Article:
"That road is dangerous."
In most cases, it's just informal. However, there is an informal version of です, called だ, which is technically necessary for sentences ending with nouns or adjectival nouns (な-adjectives). Women generally will drop both in casual speech, but men generally use だ (since not doing so sounds girly).
Thanks for the clarification, and my apologies for not being thorough with my earlier comment.
Ending a sentence with an い-adjective is informal but grammatically acceptable. Adding です makes it more polites, but adding だ is ungrammatical.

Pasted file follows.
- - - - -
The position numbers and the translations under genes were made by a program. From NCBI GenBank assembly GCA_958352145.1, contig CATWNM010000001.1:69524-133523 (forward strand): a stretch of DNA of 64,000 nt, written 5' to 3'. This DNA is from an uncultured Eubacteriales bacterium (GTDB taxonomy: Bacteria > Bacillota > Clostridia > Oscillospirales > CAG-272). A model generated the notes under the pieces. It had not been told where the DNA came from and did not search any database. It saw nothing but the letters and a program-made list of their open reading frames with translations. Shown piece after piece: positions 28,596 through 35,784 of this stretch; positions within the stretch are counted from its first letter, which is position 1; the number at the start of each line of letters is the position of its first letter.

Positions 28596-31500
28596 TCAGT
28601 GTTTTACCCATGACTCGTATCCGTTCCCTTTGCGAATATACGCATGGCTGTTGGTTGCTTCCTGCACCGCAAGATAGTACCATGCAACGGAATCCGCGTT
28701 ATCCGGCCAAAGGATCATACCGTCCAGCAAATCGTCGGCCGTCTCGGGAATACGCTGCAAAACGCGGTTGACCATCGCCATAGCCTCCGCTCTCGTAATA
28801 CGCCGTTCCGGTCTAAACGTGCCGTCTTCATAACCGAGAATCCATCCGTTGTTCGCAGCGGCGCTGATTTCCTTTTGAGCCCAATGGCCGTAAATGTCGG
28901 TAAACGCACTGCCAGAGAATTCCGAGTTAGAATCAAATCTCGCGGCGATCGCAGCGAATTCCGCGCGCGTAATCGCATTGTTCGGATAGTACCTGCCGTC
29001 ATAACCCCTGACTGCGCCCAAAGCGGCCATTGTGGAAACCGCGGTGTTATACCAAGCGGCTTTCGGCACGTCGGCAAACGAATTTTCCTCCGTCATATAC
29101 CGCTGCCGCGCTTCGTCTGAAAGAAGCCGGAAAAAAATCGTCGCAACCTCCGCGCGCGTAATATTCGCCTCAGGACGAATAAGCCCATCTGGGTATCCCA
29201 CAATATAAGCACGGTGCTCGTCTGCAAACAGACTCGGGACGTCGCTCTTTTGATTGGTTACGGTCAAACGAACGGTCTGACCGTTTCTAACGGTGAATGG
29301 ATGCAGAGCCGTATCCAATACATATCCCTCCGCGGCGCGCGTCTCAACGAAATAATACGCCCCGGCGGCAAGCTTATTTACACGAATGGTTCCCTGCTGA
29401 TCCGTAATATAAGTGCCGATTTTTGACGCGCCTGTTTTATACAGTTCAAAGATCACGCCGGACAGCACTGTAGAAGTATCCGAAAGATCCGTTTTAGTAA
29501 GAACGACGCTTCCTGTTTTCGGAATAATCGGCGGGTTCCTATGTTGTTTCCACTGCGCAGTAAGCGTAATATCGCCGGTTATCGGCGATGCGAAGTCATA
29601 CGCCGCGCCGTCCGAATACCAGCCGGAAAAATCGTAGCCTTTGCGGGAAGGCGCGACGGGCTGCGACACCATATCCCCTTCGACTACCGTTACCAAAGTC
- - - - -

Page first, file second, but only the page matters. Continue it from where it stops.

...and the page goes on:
Ending a sentence with a な-adjective is grammatically unacceptable, but commonly done by women in informal situations. Adding だ makes it grammatically correct, and adding です makes it more polite.
Side note: these considerations happen before adding emphasis particles such as よ or ね, so 危ないよ and 危険 (きけん) ですよ are both grammatically correct, while 危険よ isn't (though it is commonly acceptable for women).